Party Skills for the End of the World at Shoreditch Town Hall
BBC film critic Mark Kermode has a helpful maxim for assessing comedies: the amount of fun reported by actors on set is inversely proportionate to the fun an audience will have. This holds for immersive theatre, where performers act as giddy tour guides through their world, often darting amongst us. The lively cast in Party Skills for the End of the World, running at Shoreditch Town Hall this month, occasionally break the fourth wall with their occasionally contagious enjoyment of apocalyptic shenanigans – but, overall, the experience isn’t as enjoyable for the audience as it is for the cast.
A three-part routine, Party Skills is unique in the small scale of its ambition. Ostensibly a martini-fuelled, rapid first-aid course on how to survive some of the silliest apocalyptic scenarios imaginable, the production, whether owing to budget or vision, rarely challenges the limits of the immersive theatre form. Musical chairs, magic tricks, dance numbers and an extended musical interlude are all distracting enough, but are hardly sufficiently immersive for the show to merit its place in the genre. While the performers carry off each task with conviction, some acts are scarcely more edgy than children’s birthday party routines.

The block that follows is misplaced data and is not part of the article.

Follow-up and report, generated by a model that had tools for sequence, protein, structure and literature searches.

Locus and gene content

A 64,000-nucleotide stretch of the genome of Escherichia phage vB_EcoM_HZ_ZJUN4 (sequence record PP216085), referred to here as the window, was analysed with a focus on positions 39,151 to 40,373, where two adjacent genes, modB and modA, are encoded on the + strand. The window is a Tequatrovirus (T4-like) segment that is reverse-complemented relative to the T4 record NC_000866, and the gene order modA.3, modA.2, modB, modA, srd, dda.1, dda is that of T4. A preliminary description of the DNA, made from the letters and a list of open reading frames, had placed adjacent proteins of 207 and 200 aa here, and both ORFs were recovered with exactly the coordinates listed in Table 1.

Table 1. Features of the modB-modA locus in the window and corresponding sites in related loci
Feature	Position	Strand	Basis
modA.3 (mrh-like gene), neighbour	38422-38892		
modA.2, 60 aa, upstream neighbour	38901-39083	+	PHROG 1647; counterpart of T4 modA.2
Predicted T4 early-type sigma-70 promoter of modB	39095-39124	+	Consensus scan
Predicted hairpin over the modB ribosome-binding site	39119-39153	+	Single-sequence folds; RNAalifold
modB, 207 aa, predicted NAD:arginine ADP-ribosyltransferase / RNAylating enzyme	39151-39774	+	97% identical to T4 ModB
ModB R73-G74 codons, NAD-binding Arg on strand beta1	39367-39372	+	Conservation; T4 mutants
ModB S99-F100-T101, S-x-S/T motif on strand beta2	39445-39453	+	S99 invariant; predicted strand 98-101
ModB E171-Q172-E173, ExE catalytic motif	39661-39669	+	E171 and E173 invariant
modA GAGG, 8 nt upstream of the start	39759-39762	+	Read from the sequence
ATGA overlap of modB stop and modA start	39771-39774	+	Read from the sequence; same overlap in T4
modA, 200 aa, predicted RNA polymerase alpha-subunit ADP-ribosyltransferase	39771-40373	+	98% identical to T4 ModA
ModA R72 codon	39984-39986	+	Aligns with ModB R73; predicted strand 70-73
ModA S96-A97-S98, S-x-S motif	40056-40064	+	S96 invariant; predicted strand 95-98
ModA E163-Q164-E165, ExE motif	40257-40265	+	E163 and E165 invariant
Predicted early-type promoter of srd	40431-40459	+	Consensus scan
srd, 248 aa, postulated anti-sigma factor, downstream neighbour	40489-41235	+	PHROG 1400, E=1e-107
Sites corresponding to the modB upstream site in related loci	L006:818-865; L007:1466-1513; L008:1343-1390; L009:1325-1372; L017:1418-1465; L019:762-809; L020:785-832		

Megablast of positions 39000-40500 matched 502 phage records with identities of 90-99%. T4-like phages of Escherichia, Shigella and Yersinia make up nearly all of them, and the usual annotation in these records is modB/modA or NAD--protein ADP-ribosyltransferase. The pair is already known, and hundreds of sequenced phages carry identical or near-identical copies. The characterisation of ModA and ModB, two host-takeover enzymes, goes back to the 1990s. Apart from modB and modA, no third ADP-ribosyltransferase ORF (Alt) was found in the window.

Ending with an impassioned monologue that displaces the lighthearted tone of the preceding show, but which is undeniably affecting (it’s a ten-minute segment, and a canny insight into “what we talk about when we talk about the end of the world”), Party Skills concludes in the basement, for more free-form activities and drinks (origami, speechwriting, a miniature café). Diverting, amusing, and passionately performed, Party Skills for the End of the World is an earnest work that could do with a more ambitious scope and vision.
Photo: James Berry
Party Skills for the End of the World is at Shoreditch Town Hall from 13th until 24th February 2018. For further information or to book visit the theatre’s website here.